2003 – Chicago Tribune – “Elegant Salvage”
Increasingly, a garden doesn’t depend solely on exotic flora for distinction, but on unique objects. Garden design has focused a lot of attention on furnishings and embellishments.
We’re not talking about birdbaths or fountains or lawn ornaments. Garden enthusiasts have long relied on weatherproof furniture and artworks to enhance the horticultural experience, but now they’ve begun using objects in ways that their creators probably wouldn’t have envisioned.
Nowhere do you get a better sense of these new possibilities than at Architectural Artifacts in Chicago, where Stuart Gran-nen continues amassing his indefinable but fascinating collection of salvaged building parts. While much of his inventory is suitable for indoor use only–the majority of his stock is millwork, lighting and hardware–many items lend themselves to a garden setting. You just have to use your imagination
Anyone can take a piece of statuary and place it in the garden as art, but to rethink a cast-iron cauldron as a planter or a terra-cotta corbel as a bench requires some creativity. Grannen doesn’t dictate what customers should do with the things he sells, because he doesn’t buy things with any particular customer or use in mind. “I appreciate quality. I just buy things that I like.”
Among his most recent acquisitions: a 19th-Century cast-iron and bronze steer that once was the base of a French butcher’s table, and a three-part iron fireback taken from the Potter Palmer mansion.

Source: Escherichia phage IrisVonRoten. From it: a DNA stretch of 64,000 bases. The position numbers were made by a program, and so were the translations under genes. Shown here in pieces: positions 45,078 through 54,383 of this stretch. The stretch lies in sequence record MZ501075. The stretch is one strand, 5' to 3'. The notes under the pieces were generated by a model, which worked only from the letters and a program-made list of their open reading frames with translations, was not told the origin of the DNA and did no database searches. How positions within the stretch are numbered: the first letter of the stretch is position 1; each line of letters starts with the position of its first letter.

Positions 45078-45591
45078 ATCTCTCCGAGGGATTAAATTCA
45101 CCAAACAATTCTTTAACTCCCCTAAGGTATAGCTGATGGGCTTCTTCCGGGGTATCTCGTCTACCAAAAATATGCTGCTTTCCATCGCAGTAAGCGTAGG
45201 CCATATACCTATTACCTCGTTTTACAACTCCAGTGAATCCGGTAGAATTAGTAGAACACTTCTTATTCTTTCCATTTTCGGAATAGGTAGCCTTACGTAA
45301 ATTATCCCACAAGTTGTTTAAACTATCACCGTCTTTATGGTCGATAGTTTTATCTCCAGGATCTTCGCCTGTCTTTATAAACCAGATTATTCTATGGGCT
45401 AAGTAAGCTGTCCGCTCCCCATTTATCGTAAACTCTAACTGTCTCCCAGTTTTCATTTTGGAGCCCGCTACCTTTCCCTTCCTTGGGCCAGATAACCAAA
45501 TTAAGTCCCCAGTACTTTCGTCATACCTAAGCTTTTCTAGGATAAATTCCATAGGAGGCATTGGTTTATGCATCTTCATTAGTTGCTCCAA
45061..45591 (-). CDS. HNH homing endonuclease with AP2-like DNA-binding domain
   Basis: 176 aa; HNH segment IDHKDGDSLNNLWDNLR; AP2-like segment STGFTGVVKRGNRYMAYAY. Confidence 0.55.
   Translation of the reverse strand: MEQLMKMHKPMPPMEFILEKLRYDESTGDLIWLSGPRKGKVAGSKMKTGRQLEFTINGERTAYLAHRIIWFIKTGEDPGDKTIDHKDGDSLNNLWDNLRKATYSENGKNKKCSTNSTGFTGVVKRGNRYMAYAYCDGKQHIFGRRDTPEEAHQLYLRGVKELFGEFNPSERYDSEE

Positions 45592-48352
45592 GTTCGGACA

Salvage One, which pioneered the architectural salvage concept in Chicago, also has a cache of garden-suitable pieces. Manager Gary Grills says he has been surprised at the popularity of stained glass for use in gardens. “People hang it on fences or on the sides of gazebos; some just stick it right in the dirt.”
Beyond the city limits (where presumably there are more gardens) are a few choice sources for one-of-a-kind garden elements.
In 1999, Maureen Byron opened Trellis & Trugs in Winnetka, in part to help her husband, landscape architect Scott Byron. “Scott couldn’t find really great things for his clients,” she says, so she began importing pieces, primarily from England and France. She began with antiques, and her current inventory includes an early 19th-Century English figure of the harvest goddess in moss-covered cast stone and a stamped Coalbrookdale bench of cast iron and wood.
Garden chic comes, of course, at a price. Trellis & Trugs is asking $14,000 for its goddess and $16,000 for the bench.